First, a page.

Page Mill Press of San Francisco will be publishing a trade edition of Barry Moser's illustrated Narrative of the Life of Frederick Douglass, the first of three autobiographies written in 1845 by the escaped slave turned orator. Launched in 2019 by former HarperCollins editor Roy M.

The Poster House was the last place I visited before New York enacted its statewide stay-at-home order back in March. I trekked down to SoHo via an eerily empty Metro North and the subway to catch a glimpse of The Sleeping Giant, an exhibition dedicated to exploring China's economic progress through poster

Anything with Jane Austen's imprimatur is destined to generate interest, and independent Paris-based publisher SP Books has just released a limited facsimile edition of Austen’s least known novel, Lady Susan

Though launched in 2000, the staff at London's Chelsea Bindery participate in the tradition of fine leather book binding that goes back centuries. This month the bindery celebrates twenty years in business with a catalogue showcasing 170 pieces highlighting the bespoke techniques and skill involved in creating leather bound works

In March 1994, Neutrogena CEO Lloyd Cotsen's massive trove of children's literature arrived at its new residence at Princeton University's Cotsen Children's Library. Part of the donation agreement included the publication of a printed catalogue. After three 18-wheelers deposited more than 120,000 items at the campus, that massive task began taking

I don’t know about you, dear readers, but it’s been nothing short of a miracle for me to focus on much other than the parade of horribles happening right now. Apparently it’s called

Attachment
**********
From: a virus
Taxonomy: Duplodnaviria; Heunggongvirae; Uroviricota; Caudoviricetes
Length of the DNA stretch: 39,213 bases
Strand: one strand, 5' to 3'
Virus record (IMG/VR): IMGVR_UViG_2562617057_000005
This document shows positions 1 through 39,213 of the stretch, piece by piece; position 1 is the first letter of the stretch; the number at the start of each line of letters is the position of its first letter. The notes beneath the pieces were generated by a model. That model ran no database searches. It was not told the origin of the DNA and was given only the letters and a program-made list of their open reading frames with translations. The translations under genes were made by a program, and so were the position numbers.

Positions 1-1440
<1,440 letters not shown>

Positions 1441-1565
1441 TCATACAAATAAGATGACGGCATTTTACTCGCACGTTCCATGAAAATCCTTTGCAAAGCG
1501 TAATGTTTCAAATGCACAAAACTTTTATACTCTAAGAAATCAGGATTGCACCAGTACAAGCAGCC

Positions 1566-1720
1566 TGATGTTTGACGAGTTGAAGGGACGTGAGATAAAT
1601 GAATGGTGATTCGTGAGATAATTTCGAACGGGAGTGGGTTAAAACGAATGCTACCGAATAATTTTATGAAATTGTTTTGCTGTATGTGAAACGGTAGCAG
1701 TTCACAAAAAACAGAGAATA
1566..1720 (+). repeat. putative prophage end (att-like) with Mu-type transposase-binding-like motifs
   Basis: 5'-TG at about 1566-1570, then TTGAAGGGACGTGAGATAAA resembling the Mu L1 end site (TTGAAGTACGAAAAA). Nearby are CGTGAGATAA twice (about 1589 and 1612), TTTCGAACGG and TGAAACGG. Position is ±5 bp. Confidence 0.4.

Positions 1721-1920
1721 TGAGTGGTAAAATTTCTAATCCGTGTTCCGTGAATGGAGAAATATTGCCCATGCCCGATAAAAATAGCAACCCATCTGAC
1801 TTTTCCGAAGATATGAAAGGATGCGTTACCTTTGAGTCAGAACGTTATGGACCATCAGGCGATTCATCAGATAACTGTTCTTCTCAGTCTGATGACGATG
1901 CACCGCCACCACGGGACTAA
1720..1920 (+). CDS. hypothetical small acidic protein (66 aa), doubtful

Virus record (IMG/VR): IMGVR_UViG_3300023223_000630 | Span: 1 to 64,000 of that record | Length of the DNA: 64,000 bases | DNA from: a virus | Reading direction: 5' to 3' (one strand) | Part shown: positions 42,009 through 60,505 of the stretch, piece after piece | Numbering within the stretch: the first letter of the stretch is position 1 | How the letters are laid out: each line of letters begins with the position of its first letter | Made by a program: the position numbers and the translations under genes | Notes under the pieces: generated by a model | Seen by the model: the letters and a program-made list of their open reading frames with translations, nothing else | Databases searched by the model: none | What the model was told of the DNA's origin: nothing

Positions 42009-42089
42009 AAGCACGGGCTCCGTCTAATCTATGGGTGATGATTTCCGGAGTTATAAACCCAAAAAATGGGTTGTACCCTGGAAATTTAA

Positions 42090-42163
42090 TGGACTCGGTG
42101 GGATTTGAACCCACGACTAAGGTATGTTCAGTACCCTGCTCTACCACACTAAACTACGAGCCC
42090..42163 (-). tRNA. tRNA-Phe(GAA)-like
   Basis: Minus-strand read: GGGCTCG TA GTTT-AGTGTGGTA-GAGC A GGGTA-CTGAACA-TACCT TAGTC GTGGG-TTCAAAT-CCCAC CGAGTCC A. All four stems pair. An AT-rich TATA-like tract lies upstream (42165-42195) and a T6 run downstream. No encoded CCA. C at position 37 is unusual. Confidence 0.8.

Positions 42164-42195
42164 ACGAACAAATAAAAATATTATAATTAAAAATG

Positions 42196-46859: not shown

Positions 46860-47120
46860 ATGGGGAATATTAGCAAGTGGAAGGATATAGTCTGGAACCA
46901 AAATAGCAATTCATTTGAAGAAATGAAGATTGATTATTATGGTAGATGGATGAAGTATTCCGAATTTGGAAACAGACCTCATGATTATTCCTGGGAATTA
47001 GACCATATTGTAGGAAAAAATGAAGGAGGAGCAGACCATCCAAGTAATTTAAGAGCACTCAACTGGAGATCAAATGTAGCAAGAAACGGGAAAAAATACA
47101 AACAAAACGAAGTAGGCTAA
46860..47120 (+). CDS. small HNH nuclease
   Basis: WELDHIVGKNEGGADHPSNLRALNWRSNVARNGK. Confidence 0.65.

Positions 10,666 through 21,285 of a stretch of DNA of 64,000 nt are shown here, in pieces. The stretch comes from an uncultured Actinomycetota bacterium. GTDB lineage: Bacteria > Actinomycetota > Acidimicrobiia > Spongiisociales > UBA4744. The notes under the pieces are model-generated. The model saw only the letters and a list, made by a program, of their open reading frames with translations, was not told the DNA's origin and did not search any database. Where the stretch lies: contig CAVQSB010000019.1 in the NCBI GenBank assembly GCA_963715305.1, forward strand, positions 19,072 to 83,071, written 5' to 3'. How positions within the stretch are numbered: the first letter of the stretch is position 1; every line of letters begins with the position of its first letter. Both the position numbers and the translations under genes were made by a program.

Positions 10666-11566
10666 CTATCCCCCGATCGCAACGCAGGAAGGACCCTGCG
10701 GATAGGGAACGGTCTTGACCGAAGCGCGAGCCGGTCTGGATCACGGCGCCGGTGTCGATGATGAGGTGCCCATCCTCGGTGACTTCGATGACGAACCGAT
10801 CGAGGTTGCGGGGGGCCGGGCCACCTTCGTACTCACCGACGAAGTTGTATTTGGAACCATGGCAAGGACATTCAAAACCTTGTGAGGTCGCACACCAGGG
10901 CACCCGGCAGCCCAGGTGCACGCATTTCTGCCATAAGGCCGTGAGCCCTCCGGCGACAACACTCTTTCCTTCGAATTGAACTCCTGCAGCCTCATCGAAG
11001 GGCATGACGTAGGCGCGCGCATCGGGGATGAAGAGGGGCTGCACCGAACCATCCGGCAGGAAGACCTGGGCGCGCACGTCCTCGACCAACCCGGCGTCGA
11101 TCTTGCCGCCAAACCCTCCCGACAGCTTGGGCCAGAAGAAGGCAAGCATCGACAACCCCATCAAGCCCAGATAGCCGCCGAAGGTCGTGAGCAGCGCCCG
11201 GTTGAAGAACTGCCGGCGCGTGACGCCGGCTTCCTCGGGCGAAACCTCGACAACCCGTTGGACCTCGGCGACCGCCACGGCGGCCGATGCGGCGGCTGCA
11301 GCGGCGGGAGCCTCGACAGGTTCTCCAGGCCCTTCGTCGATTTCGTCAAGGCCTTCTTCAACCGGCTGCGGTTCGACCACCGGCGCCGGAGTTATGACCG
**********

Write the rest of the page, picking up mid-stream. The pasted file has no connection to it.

Alcott completists, take note: Though she died in 1888, Little Women author Louisa May Alcott is back with a new story. Entitled "Aunt Nellie's Diary" this incomplete novella was rediscovered among her archives at Harvard's Houghton Library by Strand Magazine editor Andrew Gulli, who published the piece in the latest

The secret to great book design may be akin to an exquisite ballet performance: the experience is nearly perfect when the effort and work put into the creation of the piece is invisible. In

"Where were you during the coronavirus pandemic of 2020," will become a common query of us by generations to come. Some of us will respond with poetry--there's been plenty of time to write, and America's poets have answered Covid-19 with verse. Notably among them is Daniel Mark Epstein, who recently launched a series of sonnets created during the early days of the shelter-in-place order.

Ready or not, parts of the country are beginning to reopen, but opportunities to exercise those mental muscles do exist for those of us still homebound. Even before the pandemic, the National Archives put out a call for volunteer researchers and

Barbara Basbanes Richter